Getting the Stuff Out of Your Head!
Have you ever experienced overwhelm? You know, it’s that feeling when you have too much to do, with too little time on your hands, and you simply don’t know where or how to begin. Yes, I’m sure we’ve all been there at one time or another.
Just for a moment, I want you to think back to a time when you felt absolutely overwhelmed, and ask yourself:
- What was it about that situation that overwhelmed me?
- How did I deal with the circumstances at the time?
- Did I successfully manage to overcome my feelings of overwhelm or not?
What you will often find, is that you managed to overcome your feelings of overwhelm because you did one or more of the following things:
- Broke things down into smaller manageable pieces.
- Created a priority list.
- Gained a different perspective of the situation.
- Focused on one thing at a time.
How about a time when you were dealing with a difficult problem? How did you overcome it? What techniques did you use?
No matter what technique you might have used to deal with your problem or to eliminate the feelings of overwhelm, would I be wrong to assume that you were most effective when you took things out of your head and clarified them visually on paper, on a whiteboard, or on the computer?
If the answer is YES, then that is in essence where the power of visual thinking lies.
Why We Think Better on Paper
There are a variety of reasons why we tend to think better on paper. For the purpose of this discussion, let’s look at four of them in a little detail.
Limitations of Short-term Memory
The first reason comes down to the fact that we have a very limited capacity for short-term memory storage. In fact, in most instances our short-term memory can only hold about seven bits of information and for no more than 20 to 30 seconds at a time. We can of course improve our short-term memory by chunking data together into relevant categories or groups, or by using existing knowledge to form links and associations with the information under investigation.
The reality is, that thinking visually on paper allows you to capture information quickly and easily without needing to rely on your memory. In fact, thinking visually on paper doesn’t limit you to only seven bits of information — allowing you to add as much or as little detail as possible.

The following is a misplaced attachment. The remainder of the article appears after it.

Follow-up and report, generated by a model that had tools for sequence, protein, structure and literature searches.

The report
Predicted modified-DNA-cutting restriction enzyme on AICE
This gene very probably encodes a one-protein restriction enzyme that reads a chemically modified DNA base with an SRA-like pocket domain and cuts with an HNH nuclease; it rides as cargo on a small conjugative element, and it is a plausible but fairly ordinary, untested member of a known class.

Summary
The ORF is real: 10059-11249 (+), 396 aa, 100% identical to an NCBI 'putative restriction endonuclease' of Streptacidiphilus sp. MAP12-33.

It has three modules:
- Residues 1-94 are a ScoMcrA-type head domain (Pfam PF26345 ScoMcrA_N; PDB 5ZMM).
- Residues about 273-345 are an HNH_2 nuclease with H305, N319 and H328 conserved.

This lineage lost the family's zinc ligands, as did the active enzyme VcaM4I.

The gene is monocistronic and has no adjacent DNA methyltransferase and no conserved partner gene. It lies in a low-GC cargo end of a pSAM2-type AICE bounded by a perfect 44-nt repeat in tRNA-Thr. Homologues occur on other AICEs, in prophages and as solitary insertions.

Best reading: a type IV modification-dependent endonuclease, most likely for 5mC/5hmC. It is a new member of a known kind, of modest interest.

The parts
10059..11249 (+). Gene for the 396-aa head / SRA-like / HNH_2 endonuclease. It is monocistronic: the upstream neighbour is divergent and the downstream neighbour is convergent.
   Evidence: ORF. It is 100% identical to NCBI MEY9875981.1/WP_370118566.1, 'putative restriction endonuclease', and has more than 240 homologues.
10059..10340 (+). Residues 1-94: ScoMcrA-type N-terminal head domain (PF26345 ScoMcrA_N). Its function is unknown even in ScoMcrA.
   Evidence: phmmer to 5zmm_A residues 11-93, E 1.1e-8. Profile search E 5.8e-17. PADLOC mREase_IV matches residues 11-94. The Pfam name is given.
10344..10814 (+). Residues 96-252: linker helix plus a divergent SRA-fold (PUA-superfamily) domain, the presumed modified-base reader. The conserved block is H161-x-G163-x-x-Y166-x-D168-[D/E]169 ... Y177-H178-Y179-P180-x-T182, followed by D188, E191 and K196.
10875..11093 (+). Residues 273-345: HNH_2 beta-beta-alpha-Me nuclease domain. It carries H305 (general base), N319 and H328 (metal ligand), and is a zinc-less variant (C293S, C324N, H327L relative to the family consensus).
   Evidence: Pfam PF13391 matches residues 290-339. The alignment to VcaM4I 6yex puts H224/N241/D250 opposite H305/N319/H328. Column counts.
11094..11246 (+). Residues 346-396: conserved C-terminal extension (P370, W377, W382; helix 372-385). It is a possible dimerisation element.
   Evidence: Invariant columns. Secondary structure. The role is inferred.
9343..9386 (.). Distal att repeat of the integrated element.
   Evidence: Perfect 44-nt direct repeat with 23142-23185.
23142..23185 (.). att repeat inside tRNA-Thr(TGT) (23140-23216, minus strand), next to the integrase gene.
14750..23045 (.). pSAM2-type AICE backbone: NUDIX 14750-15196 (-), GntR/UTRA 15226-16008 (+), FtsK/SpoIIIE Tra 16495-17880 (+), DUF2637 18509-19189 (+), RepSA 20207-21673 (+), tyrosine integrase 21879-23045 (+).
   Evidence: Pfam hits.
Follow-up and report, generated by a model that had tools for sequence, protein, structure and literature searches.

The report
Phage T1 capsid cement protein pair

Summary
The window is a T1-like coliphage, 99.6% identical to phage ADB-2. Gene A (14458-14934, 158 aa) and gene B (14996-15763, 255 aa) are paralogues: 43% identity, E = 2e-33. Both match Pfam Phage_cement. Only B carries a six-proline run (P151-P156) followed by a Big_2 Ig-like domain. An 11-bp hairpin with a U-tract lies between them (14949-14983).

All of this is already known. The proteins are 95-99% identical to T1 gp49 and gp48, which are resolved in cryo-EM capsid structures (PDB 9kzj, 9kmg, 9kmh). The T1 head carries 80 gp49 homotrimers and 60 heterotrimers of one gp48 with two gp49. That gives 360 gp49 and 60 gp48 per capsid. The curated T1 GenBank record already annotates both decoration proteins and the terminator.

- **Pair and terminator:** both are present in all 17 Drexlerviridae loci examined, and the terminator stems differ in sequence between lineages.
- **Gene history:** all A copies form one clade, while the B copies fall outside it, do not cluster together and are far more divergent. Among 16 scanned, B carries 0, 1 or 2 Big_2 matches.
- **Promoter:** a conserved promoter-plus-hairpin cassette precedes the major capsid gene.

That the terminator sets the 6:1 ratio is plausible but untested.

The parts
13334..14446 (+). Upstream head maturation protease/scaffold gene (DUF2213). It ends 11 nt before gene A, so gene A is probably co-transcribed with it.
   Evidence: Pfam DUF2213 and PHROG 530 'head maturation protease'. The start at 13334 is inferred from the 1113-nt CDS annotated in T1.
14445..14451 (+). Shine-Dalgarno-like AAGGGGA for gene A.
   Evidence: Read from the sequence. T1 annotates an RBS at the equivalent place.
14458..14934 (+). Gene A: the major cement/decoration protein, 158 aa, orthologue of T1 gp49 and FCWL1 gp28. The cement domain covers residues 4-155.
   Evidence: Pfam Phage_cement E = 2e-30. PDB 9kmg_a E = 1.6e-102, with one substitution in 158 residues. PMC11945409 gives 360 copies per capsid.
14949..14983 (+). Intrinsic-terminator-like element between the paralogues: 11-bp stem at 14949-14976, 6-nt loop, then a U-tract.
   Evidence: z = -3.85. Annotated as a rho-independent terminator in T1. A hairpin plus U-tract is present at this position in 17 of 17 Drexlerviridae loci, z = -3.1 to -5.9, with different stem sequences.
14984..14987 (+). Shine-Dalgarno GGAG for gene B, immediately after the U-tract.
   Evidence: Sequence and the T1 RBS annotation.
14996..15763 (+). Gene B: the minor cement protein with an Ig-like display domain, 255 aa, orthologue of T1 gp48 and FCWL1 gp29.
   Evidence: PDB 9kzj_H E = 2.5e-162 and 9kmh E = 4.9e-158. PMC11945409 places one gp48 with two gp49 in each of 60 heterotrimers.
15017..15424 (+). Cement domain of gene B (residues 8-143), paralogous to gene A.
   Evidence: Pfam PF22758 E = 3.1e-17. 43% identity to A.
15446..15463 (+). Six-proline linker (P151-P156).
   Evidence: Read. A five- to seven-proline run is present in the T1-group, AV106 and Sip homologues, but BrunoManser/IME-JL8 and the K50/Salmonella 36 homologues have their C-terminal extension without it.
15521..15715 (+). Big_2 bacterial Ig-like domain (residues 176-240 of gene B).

Breaking Data Down into Parts
The second reason explaining why we think better on paper, comes down to the fact that we are better able to break the data down into smaller chunks or groups — allowing us to process and make sense of the information far more effectively.
Because of the limitations of our short-term memory, it’s difficult to work with large amounts of data at one time in our heads. However, on paper, we have an almost unlimited amount of capacity to capture and play with this information any way we see fit with far less risk of running into overwhelm.
Connecting Pieces of the Puzzle
The third reason explaining why we think better on paper, comes down to our capacity for creative and free association.
There is no doubt that we create associations in our heads all the time throughout the day. For instance, we see a problem and immediately connect it with what we already know and are familiar with. However, many times these associations are fuzzy and unclear because they remain in our heads. It’s not until the moment you start working with the information or problem on paper, that you begin capturing and connecting all the relevant pieces together. This is where mind maps and other visual thinking tools come into the picture.
Playing with Data
Finally, we think better on paper, because the act of drawing pictures or jotting down information allows us the freedom to play with the data. The act of playing relaxes your body and mind, allowing you to think more flexibly and gain more clarity about the information you are working with.
Geniuses Make their Thoughts Visible
In conclusion, I think it’s important to note that geniuses spanning across culture and time all have one common habit in mind. That habit comes down to their capacity to visualize their thoughts and ideas on paper. Leonardo daVinci did it, Galileo did it, and Einstein did it, Edison did it, Darwin did it, and Freud did it. If they did it, so can you.
Could visual thinking lead us down the path to genius? Let’s find out within the next post.
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